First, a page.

The 2019 Presidential and National Assembly election has come and gone, Saturday 9th March 2019, comes the Gubernatorial and State Houses of Assembly elections.
This process once again avail citizens the opportunity to participate in the democratic technique of choosing those who they feel are capable of representing them in executive and legislative positions in the state.
Democracy according to Merriam Webster dictionary, it is a government in which the supreme power is vested on the people and exercised by them through a system of representation usually involving periodically free held elections.
Elections in this sense grant the people the opportunity to take active part in making decisions that affect the state of their political sphere.
Counting down to Saturday‘s polls, there are things the electorate have to avoid and things to do during this process in other to actualize the goal of electing those that the cap will fit to pilot the affairs of governance and make laws with the people at heart as far as democracy and good governance is concerned.
Election is not a time of war; rather it is a time of getting involved in the change process that shapes the political history of our dear state in a positive way. Electorate must avoid getting involved in any form of political violence and actions verbally or none verbally that incite such, because nobody’s blood is worth this game. It is the game that demands only our conscience demonstrated through the use of the Permanent Voters Card (PVC) using the big thumb.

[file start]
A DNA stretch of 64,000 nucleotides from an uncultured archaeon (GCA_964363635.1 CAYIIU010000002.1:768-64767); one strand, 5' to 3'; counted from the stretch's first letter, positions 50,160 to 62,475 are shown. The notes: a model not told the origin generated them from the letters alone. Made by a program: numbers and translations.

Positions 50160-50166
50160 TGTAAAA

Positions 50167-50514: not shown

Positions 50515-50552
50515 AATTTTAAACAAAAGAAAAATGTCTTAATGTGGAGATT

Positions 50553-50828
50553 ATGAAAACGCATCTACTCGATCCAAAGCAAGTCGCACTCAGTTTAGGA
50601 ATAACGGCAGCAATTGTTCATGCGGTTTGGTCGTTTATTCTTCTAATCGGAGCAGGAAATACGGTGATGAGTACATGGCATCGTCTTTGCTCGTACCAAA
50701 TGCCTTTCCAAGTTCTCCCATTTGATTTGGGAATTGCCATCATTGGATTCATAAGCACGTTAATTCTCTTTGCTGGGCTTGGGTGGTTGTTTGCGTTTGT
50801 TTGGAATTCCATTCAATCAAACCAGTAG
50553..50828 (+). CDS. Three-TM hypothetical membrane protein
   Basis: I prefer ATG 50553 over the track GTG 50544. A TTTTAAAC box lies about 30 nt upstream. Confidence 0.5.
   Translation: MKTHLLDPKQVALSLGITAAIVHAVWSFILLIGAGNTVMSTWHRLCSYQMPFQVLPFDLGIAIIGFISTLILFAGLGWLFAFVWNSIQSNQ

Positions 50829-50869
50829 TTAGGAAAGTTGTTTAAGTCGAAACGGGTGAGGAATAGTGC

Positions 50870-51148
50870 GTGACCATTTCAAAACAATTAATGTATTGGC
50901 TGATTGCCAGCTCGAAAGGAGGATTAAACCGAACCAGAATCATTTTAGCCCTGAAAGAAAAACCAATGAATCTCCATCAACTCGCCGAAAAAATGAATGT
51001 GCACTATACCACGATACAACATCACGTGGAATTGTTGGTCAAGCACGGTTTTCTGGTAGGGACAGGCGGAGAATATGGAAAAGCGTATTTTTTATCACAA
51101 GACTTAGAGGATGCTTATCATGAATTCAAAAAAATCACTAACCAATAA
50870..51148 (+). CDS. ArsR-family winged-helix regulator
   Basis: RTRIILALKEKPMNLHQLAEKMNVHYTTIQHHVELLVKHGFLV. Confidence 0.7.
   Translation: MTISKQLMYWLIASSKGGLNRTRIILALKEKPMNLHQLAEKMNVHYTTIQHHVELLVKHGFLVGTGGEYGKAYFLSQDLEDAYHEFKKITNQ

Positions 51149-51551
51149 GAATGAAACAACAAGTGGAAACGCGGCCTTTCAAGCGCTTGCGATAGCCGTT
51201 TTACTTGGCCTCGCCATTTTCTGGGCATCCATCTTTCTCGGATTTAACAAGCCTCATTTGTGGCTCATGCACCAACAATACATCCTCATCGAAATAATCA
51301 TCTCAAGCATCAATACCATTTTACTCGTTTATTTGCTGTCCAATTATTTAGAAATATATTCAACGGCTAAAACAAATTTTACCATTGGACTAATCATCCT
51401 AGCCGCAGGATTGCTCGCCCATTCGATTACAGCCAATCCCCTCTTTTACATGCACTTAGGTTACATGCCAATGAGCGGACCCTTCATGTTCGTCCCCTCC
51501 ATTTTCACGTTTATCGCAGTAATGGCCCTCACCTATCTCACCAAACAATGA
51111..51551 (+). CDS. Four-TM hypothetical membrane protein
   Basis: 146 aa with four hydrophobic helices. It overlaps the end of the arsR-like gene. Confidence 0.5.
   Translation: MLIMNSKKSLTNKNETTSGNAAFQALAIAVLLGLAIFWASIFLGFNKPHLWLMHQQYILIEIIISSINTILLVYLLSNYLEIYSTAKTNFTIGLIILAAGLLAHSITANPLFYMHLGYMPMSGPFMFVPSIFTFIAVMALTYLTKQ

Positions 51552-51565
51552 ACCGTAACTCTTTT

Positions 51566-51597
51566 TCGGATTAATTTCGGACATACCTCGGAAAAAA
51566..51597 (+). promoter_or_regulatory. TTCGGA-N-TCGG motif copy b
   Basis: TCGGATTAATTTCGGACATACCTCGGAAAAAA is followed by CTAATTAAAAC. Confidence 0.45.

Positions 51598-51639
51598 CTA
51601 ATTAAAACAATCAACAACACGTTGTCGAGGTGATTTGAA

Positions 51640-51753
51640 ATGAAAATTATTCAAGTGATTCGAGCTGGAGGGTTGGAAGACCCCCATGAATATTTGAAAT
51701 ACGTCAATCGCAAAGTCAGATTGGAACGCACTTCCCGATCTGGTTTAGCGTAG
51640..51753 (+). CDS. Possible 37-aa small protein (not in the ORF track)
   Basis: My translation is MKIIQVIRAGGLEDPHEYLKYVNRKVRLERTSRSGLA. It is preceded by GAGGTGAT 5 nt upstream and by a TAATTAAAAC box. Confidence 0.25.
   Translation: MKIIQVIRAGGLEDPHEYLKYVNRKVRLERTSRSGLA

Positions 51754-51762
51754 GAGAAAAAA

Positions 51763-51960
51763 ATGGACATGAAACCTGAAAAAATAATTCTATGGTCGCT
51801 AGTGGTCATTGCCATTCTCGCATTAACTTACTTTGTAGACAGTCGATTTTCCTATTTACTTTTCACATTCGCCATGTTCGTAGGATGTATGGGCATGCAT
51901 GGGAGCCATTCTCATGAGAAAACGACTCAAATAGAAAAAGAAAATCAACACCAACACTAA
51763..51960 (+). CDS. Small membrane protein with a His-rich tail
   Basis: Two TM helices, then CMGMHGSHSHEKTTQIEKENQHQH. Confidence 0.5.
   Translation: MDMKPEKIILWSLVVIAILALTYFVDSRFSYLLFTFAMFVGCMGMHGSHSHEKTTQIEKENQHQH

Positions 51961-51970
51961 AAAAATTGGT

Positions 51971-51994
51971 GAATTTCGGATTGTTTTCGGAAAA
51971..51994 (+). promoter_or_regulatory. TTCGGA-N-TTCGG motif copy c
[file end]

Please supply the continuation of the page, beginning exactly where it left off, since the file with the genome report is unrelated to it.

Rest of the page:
Electorate must also desist from selling their votes for peanuts on the bases of the false notion that “votes do not count”, votes count if we will play the part of coming out to make our choice at the poll. Vote selling is a betrayal of posterity and a bad seed sown to be reaped with hardship and pains. Therefore the future of this state should not be traded to incompetence on the grounds of naira and kobo that cannot sustain you for four good years. Oh electorate! Remember Esua in the Holy Book.
Moreover, political apathy and voters’ absenteeism are also one of the things we need to avoid in this upcoming poll. Being insensitive about political exercise such as this, is a great threat to democracy and political growth of the state.
The Independent National Electoral Commission (INEC) cannot select our leaders for us, only we, the people, the citizens, we the fulcrum of government own this constitutional right. Let’s come out and make our votes count lest, whatever comes after now, whether good or bad, we share it all.
It is also crucial to stress at this juncture that false publication of electoral results on the social media should not be a practice by the electorate, as this could provoke panic, fear, and also galvanize conflict that can lead to loss of lives and even endanger our peace and unity as a State. We should respect the rules and regulations enshrined in the electoral guiding the announcement of results by allowing the appropriate body (INEC), charge with this responsibility to announce results. We should allow INEC carry out their constitutional duty and let peace reign in the Nation’s Paradise and our relationships built with time not destroyed, because after the elections we still need each other to keep moving; for no man is an island.
To this end, it is necessary to emphasize that, the progress of Cross River State after Saturday polls will be defined on the conscious decisions and patriotic participation of Cross Riverians who have attained the voting age of (18years and above). So, Cross Riverians, make your vote count!
Ololo Kelvin, is a student of Mass Communications, Cross River University of Technology and Patricia Ilam, is a student of Business Management, University Of Calabar. Both are interns with CrossRiverWatch.
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